This is why it’s important to prioritize side income options that are as closely related to your business as possible, give yourself a 1-2 month window to test, and make sure it only takes up a fraction of the time your spend on your main business.
But also don’t let some initial hiccups from setting up a new side hustle stop you from continuing to test it.
Last month, money started to get a little too tight for comfort so I talked to my boyfriend and we decided to try Airbnb for the few weeks we would be traveling in September and October.
At first, it stressed me out. The requests would come in and there would be this pressure to respond as fast as possible so we could rank higher in the searches. I got caught up in the hustle and our first guest hadn’t even arrived yet!
Coordinating the key handoff while we were gone was an ordeal and getting the house together while we were trying to plan for a conference and road trip felt so overwhelming.
If this was going to take up so much of my brain space, was this worth it? I stepped away from it for a few days and let the first guest actually roll through. It happened while we were out of town, in the middle of the conference. He texted and said he got in all right and the place looked great.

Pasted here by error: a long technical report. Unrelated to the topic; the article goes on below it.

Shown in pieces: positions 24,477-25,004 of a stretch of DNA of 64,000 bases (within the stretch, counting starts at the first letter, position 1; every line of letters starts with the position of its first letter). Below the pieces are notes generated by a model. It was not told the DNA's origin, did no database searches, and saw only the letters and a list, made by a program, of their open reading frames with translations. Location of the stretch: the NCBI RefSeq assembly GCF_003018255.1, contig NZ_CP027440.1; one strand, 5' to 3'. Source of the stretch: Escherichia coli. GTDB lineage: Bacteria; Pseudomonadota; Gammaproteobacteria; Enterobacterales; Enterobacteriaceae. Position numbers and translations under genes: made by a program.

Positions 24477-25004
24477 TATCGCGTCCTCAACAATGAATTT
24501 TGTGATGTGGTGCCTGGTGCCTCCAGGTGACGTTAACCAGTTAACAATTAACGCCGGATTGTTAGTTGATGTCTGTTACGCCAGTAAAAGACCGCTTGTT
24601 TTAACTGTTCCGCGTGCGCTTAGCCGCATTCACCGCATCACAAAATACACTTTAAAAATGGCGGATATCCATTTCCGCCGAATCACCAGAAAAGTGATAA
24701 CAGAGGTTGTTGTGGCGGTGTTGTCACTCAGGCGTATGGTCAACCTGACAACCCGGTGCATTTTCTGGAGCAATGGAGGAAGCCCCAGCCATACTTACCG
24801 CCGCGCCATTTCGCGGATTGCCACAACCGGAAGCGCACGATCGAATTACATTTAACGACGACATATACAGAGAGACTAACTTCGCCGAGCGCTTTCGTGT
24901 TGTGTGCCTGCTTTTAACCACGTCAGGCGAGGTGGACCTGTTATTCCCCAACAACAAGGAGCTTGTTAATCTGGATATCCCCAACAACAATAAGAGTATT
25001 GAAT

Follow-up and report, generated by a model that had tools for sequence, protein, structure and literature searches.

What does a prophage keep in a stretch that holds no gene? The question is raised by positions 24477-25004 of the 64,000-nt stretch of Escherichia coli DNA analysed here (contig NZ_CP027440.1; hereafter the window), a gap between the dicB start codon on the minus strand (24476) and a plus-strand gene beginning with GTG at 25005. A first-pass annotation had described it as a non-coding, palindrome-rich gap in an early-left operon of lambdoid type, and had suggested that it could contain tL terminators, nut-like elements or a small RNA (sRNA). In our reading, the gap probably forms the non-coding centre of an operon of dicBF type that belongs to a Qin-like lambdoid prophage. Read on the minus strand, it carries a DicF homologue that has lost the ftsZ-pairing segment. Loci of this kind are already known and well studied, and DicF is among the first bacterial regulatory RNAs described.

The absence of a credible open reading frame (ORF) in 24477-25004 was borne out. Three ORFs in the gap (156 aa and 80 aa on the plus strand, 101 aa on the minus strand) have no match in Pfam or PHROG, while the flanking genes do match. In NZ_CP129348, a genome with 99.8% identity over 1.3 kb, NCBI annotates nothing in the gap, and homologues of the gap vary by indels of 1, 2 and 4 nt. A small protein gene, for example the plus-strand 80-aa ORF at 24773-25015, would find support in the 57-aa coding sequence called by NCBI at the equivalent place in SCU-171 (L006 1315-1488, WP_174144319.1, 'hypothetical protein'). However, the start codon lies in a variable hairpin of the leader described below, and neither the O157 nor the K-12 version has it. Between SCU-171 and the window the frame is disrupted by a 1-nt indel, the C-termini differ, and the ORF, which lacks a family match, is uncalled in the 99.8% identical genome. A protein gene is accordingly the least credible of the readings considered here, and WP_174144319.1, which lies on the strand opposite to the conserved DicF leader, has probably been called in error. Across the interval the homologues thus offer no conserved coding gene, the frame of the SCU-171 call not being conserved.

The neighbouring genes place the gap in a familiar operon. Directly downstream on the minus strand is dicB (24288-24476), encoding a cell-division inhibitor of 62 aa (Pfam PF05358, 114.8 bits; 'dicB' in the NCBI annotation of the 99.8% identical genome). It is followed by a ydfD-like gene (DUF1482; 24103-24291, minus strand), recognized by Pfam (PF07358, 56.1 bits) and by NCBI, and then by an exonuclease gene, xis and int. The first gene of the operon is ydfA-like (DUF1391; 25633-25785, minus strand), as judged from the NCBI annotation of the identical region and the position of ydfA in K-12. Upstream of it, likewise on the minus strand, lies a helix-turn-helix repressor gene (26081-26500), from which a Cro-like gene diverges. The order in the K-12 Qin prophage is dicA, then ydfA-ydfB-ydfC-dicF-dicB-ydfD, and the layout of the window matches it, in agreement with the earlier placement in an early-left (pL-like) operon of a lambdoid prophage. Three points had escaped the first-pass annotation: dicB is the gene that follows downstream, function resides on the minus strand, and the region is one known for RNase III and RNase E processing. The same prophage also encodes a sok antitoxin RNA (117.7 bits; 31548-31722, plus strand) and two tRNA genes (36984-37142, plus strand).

Another reservation request rolled in that day and we took it. Now that the initial set up was done with our very first guest (barely), it felt like we could handle a second one and we were willing to see how it went a second time.
The fact that we were able to pull off coordinating all of this on the road was a relief.
Having this extra income will be giving me breathing room to spend more time working on my business without having to worry about how we’re going to pay for next month’s expenses.
The extra time it took to set it up initially has given me peace of mind to be able to make and implement long term plans for my business.
Make sure your side incomes stay on the side so they can do the same.